The key to making a Next Action list work is to make sure it’s complete. When it’s incomplete, you won’t trust it. When you don’t trust it, you won’t use it. How do you make sure your Next Actions list is always complete? You spend some time every day defining your work. You’ll need to set up a trusted system using the Think, Review, Do model.
Once you’ve decided on a list manager and you now know how to create a Next action, the next thing to do is figure out the appropriate categories for the different lists you’ll need to be able to park the things you’re going to commit to. Most people have about 150 next actions and 5-7 categories in their list manager. These categories can be physical locations (home/office/airplane/errands), areas of focus, personal/work modes, tools (phone, email, computer), etc.
The point isn’t to do everything on your lists right now. You can’t. You should be okay with what you’re not doing, which is why you have these time-flexible lists in the first place.
The next time you are reminded of a thing you need to do, you simply capture it in your inbox, either at the workstation or on your phone, then later use some time in the evening to process those action items.
Don’t have one giant list because that will just overwhelm you. Instead, use appropriate categories to filter your lists or use different Next Action lists for each category depending on your list manager of choice. How many categories/lists do you want? As many as you need and as few you can get by with.
Examples of lists/categories are:
- You could have a Next Action list each for your personal life, work, family, etc.
You can have lists for calls to make, errands to run, things to do at home/work, agendas to discuss with others, etc.
You can have an Agenda list for people you work with regularly; the next time you see them, you can just pull up your list and talk to them about it.
Use a Waiting For/Follow Up list to keep track of things you’ve delegated to others.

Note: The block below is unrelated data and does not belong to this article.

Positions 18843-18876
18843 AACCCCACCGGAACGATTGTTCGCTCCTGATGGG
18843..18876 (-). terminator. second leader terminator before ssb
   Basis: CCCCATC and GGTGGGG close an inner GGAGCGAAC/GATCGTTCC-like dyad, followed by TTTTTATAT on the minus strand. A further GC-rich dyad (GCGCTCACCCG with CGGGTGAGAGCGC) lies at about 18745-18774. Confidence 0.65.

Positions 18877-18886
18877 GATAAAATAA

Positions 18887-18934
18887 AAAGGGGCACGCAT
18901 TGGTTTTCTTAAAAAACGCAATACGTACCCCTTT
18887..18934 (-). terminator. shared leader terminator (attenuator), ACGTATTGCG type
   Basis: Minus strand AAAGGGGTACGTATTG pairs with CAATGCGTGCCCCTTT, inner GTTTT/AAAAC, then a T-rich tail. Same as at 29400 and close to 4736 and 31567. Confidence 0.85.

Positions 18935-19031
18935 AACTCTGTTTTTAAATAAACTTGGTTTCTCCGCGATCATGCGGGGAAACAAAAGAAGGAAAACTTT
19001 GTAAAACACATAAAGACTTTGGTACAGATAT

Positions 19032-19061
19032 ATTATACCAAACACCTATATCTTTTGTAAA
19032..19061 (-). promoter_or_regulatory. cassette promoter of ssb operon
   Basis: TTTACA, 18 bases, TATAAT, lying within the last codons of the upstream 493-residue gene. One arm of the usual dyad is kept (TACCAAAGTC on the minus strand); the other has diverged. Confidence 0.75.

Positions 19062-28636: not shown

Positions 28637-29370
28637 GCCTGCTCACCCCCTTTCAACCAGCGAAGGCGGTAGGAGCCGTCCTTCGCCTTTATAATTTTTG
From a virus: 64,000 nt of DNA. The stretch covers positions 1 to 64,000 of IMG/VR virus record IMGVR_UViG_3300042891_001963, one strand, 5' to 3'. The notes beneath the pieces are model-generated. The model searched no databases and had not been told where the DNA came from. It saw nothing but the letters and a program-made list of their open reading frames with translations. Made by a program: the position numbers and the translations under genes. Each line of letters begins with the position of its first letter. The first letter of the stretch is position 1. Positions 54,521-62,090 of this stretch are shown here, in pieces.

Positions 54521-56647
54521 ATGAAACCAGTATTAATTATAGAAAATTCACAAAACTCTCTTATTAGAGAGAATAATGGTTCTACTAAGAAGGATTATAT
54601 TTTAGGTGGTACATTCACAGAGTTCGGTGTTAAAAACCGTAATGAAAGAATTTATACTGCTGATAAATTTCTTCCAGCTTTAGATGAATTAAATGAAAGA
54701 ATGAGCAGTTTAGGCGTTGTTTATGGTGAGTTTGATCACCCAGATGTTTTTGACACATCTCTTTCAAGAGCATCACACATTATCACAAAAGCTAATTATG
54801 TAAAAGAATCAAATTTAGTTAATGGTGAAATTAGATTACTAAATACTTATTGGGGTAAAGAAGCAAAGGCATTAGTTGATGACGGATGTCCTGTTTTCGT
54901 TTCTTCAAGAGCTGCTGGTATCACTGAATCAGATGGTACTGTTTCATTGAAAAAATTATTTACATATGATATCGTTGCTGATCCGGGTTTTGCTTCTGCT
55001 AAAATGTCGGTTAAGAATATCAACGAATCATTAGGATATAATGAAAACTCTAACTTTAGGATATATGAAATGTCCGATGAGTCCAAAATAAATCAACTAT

Keep a Someday/Backburner list for things you don’t want to think about right now and might want to do in the near future.
Use a Reading List for articles you come across on the web that you might want to read later. The same goes for music or podcasts you want to listen to later. You can even maintain a Watch list for films that you might want to watch in the future.
You can have videos to watch in your YouTube Watch Later playlist. Then, whenever you have any discretionary time during a weeknight or weekend, you can visit that playlist and watch the next video in the queue.
Here are some best practices for using these lists:
- You’re either attracted to your lists or repulsed by it. Make sure that you actually want to do the things that you have committed to. There is a time and place for thinking about your work and doing your work. Thinking about your work when it’s time to do it is counterproductive.
When you’re sitting at your workstation to do the work, you have a list of next actions ready to work on that you don’t have to think about. Having a list of next actions ready to go requires that you regularly take some time out of your work to define your work.
Structure your day so that you spend some time in the morning and evening to define your work while you spend the day doing the work.
When you find yourself low on energy as the day wears on, simply choose a “brain-dead” category/context in your list manager and start doing those actions that don’t require much cognitive thought, such as looking up something on the web, etc.
When you have taken the time to think through your Next list, then it’s a matter of showing up and doing the work. The key is to keep the thinking and doing parts separate.